Viewing blog posts tagged with "Refeeding"

20 Tips and Tricks for Re-Feeding Your Child

posted by Julie O'Toole on May 11, 2018 at 10:42am

 

 

 

 

 

 

 

 

Over the past 20 years (yes 20!) of re-feeding children with eating disorders, we at Kartini Clinic have learned some tips and tricks, which I thought I would pass along. Whether you are re-feeding a child at home or in a clinical setting, I hope these pointers can be helpful to you.

Remember: even though life stops until you eat and that without weight restoration you will get nothing, there are ways to help make the process less painful and more…

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The Use of NG tubes in Pediatric Eating Disorder Treatment

posted by Julie O'Toole on January 18, 2018 at 12:14pm

It's funny what one gets criticized for. Recently a couple of young patients have let me know that some other eating disorder providers in our community have tried to steer them away from Kartini Clinic because “Kartini Clinic just shoves a tube in everyone”.  You can imagine this was rather startling to hear. And -- goes without saying, I hope! -- quite untrue.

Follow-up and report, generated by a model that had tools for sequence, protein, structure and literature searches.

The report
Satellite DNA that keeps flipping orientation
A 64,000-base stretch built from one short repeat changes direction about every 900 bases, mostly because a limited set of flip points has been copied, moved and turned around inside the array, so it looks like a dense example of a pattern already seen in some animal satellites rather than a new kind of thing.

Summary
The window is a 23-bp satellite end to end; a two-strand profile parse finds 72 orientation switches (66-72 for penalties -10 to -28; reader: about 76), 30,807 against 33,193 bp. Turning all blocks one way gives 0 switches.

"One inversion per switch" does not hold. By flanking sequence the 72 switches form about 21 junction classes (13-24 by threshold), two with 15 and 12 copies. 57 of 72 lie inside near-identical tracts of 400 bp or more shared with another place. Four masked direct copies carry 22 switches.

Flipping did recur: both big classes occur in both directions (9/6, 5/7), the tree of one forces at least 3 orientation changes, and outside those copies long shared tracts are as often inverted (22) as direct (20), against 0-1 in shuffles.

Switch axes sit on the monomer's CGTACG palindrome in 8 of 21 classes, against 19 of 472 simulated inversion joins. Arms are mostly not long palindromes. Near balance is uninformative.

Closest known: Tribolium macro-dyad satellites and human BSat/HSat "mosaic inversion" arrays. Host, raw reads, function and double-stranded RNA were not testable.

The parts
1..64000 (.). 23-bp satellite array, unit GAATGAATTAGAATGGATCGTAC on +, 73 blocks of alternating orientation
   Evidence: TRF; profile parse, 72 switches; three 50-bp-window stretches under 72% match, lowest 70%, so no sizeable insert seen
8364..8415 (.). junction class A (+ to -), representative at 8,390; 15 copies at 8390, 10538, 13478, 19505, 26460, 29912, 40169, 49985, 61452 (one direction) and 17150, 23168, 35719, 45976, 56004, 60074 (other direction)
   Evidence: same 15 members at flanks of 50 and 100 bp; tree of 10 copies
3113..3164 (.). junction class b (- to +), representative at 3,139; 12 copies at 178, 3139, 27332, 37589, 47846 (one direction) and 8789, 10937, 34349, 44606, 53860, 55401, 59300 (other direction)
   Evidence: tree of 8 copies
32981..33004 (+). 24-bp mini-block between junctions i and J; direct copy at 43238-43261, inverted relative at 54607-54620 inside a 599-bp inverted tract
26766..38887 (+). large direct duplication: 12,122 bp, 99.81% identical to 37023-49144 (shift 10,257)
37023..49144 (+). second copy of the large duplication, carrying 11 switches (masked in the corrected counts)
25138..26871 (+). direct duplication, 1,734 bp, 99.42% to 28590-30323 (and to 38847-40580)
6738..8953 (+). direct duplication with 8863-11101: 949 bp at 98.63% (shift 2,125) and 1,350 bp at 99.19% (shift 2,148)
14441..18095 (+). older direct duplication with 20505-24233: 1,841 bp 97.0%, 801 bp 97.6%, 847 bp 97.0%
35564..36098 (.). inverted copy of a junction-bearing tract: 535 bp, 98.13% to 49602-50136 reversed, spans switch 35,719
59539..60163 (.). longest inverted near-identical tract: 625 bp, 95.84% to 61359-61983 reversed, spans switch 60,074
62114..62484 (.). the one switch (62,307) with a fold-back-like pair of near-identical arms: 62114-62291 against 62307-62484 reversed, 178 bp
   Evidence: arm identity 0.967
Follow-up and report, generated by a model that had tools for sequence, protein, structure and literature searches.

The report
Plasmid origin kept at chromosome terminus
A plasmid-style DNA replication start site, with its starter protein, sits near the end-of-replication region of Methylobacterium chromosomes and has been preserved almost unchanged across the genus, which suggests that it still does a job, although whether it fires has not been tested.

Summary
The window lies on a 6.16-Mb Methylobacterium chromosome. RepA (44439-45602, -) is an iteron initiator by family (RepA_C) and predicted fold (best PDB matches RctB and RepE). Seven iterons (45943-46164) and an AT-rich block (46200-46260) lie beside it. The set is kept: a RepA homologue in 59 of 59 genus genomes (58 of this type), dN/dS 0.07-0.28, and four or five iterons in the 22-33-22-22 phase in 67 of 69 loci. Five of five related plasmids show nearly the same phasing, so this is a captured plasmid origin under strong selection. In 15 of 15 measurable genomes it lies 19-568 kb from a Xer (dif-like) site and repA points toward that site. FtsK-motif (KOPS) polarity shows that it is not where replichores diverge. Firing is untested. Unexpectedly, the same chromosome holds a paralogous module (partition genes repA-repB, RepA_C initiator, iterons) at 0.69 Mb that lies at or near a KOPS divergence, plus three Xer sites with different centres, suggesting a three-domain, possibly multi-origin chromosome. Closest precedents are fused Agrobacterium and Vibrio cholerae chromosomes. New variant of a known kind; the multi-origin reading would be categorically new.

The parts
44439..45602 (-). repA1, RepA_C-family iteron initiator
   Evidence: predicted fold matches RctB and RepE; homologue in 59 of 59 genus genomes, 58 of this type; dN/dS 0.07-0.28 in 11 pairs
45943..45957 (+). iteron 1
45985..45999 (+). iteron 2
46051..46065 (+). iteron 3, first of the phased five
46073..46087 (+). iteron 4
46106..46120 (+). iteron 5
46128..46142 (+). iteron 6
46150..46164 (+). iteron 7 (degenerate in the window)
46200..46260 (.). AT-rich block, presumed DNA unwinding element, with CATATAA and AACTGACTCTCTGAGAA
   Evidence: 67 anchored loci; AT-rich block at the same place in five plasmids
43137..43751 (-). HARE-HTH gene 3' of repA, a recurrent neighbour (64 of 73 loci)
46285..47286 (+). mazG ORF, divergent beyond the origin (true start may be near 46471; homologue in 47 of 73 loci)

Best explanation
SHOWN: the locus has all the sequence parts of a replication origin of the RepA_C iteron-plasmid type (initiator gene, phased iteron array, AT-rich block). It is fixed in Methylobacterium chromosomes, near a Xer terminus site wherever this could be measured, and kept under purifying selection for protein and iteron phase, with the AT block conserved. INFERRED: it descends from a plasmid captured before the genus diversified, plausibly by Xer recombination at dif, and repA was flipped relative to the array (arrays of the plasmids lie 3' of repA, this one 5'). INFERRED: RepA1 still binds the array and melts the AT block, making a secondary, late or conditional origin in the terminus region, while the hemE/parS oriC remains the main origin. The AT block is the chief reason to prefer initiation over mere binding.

The history of nasogastric (NG) tube use at Kartini Clinic is this: on our pediatric inpatient unit we have always been…

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The Role of Parents in Treatment

posted by Julie O'Toole on April 27, 2017 at 9:30am

This post was originally published on December 16, 2015. 

Possibly nothing has changed so much over the last ten years as the acceptance of parents’ role in the treatment of children and adolescents with eating disorders.

When I founded Kartini Clinic in 1998, “dysfunctional” parents were widely considered to cause eating disorders in general and anorexia nervosa in particular. Toxic and enmeshed mothers were commonly cited by therapists, doctors and lay people as the common…

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On Individualized Treatment

posted by Julie O'Toole on July 8, 2016 at 10:11am

I was reading an online opinion piece by one of my colleagues, Dr Ovidio Bermudez, who like me is an adolescent medicine physician and eating disorder doctor.  This one sentence jumped out at me since it reflects what I have said in many ways before, only Ovidio said it better and more succinctly: “Families like to hear that care is tailored to their loved one’s unique recovery need, but core principles of treatment, including symptom interruption and weight restoration, should not…

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